Dr. Hans Klamp: Putting Some Science in this Fiction
When we last left our heroes (hey, writing segues is hard), they were going to the Museum
of Natural History to talk to Dr. Hans Klamp about mitochondria. After the security guard
tries to covertly pick up Aya’s phone number, Aya and Daniel enter Klamp’s office. Klamp
is diligently typing away and seems content to ignore them, until the pair force the issue.
When she sees Klamp’s face, Aya has another one of her interminable hospital flashbacks;
More subtly, Klamp does a double-take when he sees Aya as well.
What follows is a fascinating lecture on the nature of mitochondria from the cranky and
condescending Klamp, with occasional interjections from our two incredulous cops. Adorably, Aya and Daniel exchange several long looks during this conversation. Thanks to the old graphics, you have to imagine what the “Can you believe this asshole?” expressions on their faces look like, but if they’d tried to do this scene today it would probably be
undermined by uncanny-valley-weirdness anyway. You don’t have to dig too deep in this
scene to see Klamp’s low opinion of Aya and Daniel is the condescension that highly
educated people tend to show towards people whom they consider simple. Most hide it, Klamp is just too much of a misanthrope to care. Like quite a few things in PE, it’s disturbingly true to life.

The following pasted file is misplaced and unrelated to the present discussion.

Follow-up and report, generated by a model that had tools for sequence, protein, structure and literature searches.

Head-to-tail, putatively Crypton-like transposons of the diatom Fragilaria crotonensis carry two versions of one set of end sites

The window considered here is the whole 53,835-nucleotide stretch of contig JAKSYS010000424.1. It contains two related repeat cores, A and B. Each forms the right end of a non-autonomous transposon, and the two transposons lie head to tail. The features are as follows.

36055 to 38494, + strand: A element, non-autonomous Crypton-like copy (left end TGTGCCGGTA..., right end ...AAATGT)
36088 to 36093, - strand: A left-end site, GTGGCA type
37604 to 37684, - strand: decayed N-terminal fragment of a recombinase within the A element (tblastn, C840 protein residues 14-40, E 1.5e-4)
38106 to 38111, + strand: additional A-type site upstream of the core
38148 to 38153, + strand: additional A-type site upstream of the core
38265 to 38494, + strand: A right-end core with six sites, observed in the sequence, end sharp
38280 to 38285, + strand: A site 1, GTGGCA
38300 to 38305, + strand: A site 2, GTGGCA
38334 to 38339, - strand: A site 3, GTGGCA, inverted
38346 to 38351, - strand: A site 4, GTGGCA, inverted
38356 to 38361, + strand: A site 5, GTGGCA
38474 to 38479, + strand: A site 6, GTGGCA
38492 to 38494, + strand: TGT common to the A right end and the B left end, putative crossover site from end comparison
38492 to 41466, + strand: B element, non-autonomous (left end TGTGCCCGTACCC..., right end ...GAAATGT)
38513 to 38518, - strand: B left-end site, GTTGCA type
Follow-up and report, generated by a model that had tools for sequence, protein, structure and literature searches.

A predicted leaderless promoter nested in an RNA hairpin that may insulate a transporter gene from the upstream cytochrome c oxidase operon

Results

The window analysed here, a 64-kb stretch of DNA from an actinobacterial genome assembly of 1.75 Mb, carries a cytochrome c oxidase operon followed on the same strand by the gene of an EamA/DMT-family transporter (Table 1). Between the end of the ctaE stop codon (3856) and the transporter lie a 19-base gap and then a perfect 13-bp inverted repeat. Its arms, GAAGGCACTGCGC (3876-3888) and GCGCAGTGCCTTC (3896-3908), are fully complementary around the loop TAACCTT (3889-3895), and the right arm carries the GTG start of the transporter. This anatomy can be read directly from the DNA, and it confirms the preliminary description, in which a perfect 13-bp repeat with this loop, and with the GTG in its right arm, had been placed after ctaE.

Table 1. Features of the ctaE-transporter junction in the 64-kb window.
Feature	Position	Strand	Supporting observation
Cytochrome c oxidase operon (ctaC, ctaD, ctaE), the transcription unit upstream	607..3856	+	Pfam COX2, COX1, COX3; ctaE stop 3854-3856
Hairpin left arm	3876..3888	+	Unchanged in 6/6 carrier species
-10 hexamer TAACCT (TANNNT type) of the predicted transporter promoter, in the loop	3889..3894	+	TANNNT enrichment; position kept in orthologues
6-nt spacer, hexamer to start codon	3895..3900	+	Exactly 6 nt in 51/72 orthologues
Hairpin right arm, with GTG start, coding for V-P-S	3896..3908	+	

Most of the information that Klamp provides in this scene is actually true, which ties into
another point I’ve been longing to make for a long time: Parasite Eve is good Sci-Fi. I’ve
read criticisms of this game that argued that the hugely improbable plot is a glaring
weakness, but I disagree; not only that, I think that having that attitude means that
you’ve completely missed the point of how sci-fi works. No one has ever said that Wells’
The Time Machine is a bad book because of how unlikely it is that we’ll ever invent a time
What Sci-Fi does is start with a sound concept, backed by scientific fact, and then
extrapolate it for the sake of creating drama. In PE the concept is that we don’t know
nearly as much as we’d like to about the various organisms that inhabit our bodies (true),